0

My document root path is the following:

/Users/myname/Sites/

I've created 2 virtual host, like so:

<VirtualHost *:80>
    ServerAdmin [email protected]
    DocumentRoot "/Users/myname/Sites/example1.com"
    ServerName example1.com
    ErrorLog "/usr/local/var/log/httpd/example1.com-error_log"
    CustomLog "/usr/local/var/log/httpd/example1.com-access_log" common
</VirtualHost>

<VirtualHost *:80>
    ServerAdmin [email protected]
    DocumentRoot "/Users/myname/Sites/example2.com"
    ServerName example2.com
    ErrorLog "/usr/local/var/log/httpd/example2.com-error_log"
    CustomLog "/usr/local/var/log/httpd/example2.com-access_log" common
</VirtualHost>

My directory scheme looks like so:

...
-- Sites
   |-- example1.com
   |-- example2.com

I want to create a directory (bckup_gallery) to keep original pictures for save keeping.

I've read that the best way to achieve that is to create the directory outside the document root so nobody has access to it.

Question 1: Is that the beat approach?

Question 2: If yes, outside the document root means outside the directory 'Sites'? or outside the virtual host directories? Like so

...
-- bckup_gallery
-- Sites
   |-- example1.com
   |-- example2.com

or

...
-- Sites
   |-- example1.com
   |-- example2.com
   |-- bckup_gallery

2 Answers 2

1

There is no single best answer to this question as it depends on your usage case. One common solution which I would argue is particularly useful would be to change the structure like

  DocumentRoot /Users/Myname/Sites/example1.com/public_html   

You can then have other things associated with that site like logging to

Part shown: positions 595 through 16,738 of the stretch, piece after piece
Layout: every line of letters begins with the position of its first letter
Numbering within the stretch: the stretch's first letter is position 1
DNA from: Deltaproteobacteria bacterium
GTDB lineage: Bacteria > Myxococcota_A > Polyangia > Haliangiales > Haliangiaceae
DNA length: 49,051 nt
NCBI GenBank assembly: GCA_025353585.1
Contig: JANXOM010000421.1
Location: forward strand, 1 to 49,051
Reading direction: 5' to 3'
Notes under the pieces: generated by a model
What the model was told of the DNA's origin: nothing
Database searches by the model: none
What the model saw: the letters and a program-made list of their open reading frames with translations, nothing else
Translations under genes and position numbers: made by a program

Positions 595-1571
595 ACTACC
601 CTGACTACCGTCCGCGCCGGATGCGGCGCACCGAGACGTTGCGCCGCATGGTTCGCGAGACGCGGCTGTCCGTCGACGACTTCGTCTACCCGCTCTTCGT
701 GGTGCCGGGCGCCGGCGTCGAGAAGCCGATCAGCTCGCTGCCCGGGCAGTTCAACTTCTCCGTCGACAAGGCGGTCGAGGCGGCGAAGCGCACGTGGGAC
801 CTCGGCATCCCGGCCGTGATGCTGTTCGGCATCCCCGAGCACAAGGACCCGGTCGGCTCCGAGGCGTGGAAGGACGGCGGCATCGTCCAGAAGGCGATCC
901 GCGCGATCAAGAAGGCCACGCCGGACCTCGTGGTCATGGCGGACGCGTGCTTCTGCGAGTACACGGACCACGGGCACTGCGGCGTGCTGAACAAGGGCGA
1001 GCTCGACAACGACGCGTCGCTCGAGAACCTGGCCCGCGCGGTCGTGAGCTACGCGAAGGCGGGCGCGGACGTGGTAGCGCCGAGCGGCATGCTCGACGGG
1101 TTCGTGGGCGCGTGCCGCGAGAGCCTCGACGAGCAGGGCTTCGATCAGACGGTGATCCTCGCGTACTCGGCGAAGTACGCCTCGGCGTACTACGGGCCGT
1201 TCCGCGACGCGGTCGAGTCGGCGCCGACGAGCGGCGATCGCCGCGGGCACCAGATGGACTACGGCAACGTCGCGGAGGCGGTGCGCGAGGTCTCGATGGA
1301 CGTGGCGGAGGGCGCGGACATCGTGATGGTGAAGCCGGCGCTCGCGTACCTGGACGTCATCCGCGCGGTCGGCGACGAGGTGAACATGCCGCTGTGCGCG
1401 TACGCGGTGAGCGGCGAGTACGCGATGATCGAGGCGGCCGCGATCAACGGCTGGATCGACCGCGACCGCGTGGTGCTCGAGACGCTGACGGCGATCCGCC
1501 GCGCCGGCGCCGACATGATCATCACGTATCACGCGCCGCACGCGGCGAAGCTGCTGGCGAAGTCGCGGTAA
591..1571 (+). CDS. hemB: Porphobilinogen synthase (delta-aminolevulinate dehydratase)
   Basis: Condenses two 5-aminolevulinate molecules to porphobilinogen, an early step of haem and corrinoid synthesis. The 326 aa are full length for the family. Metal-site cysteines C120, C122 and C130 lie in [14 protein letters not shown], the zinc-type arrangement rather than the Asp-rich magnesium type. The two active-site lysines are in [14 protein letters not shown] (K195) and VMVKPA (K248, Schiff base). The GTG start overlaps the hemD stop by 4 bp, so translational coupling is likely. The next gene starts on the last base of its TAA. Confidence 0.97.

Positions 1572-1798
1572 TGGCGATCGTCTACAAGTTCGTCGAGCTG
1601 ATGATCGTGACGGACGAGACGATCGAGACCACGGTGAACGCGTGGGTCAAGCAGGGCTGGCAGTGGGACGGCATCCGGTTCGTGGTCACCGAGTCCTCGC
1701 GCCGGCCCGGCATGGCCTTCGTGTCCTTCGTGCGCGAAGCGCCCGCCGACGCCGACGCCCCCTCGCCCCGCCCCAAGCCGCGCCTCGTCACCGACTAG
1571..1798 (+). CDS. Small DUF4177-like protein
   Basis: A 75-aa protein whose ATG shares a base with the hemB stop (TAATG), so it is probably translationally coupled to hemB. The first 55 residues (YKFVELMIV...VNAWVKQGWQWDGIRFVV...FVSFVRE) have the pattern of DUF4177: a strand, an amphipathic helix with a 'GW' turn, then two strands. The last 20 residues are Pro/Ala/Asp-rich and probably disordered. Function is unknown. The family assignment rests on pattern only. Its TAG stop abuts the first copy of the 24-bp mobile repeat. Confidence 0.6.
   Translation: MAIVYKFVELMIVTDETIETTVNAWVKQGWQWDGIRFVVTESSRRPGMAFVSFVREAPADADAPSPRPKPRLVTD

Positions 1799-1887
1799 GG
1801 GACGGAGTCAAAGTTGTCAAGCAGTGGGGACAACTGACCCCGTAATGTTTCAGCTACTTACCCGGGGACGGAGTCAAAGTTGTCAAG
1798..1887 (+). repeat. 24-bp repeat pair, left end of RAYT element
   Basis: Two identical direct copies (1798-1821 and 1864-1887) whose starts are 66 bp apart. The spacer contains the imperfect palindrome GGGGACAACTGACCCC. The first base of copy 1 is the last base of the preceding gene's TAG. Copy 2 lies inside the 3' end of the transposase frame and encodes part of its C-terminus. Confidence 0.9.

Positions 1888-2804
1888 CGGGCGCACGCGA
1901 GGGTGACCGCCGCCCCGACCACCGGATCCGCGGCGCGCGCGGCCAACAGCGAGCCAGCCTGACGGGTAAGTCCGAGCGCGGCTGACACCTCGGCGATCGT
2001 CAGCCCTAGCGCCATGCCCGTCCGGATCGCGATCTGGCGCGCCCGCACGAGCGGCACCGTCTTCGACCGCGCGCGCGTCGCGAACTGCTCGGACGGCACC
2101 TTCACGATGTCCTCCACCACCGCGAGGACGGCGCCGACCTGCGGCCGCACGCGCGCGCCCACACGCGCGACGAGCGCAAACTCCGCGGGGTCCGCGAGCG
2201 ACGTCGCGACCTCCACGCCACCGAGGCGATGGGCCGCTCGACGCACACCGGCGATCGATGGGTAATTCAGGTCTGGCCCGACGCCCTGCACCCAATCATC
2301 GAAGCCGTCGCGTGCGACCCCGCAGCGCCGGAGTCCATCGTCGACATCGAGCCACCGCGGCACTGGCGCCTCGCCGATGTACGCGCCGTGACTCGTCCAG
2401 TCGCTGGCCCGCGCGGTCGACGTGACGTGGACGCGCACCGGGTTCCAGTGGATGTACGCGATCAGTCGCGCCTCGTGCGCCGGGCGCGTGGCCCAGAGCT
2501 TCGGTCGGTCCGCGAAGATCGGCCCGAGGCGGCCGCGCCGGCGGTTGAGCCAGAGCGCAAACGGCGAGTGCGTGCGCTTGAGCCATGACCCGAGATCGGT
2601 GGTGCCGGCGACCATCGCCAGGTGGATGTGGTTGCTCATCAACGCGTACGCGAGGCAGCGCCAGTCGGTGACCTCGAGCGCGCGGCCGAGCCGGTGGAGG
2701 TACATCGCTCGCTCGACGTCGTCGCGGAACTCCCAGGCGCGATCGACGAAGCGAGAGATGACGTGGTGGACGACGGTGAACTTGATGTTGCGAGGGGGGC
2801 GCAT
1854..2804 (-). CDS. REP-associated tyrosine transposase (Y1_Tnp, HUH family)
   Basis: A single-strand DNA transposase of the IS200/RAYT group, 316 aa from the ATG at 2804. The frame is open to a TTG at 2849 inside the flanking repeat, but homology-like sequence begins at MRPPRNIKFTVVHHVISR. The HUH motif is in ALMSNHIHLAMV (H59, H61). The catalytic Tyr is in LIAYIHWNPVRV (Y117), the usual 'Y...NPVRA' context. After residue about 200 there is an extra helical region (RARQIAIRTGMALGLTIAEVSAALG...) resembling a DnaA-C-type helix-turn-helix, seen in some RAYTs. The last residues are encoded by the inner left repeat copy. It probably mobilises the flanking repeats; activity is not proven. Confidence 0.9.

ErrorLog /Users/Myname/Sites/example1.com/logs/error.log
  Customlog /Users/Myname/Sites/example1.com/logs/access.log common
  

And you can also create /Users/Myname/Sites/example1.com/Backups etc for placing backups.

It may also be worthwhile not using /Users/Myname and use instead something like /data/Sites - and then having each site with a different user - this can provide more granular control.

0

for save [sic] keeping

Storing a backup on the same device as your primary data is far from safe and only offers a very small advantage over no backup at all. On a separate device is slightly better. On a separate device attached to a different host improves. Ideally it would be on an immutable backup system remote from the primary data.

But assuming you are constrained to provision the backup on the same host as the primary data, then achieving the best possible level of security depends a lot on the OS. Outside the document root is preferable to inside, but the important thing is denying access to modifying the content. Your first line of defence is permissions. Set up your users, groups, paths and backup job so that the (exposed) webserver has no access to the directory where the backups exist. Most modern OS will provide some mandatory access control (filesystem namespaces configured via systemd, SELinux and AppArmor are obvious candidates on Linux) however that you have put your document root inside your home folder suggest that these are either not present or you've disabled them.

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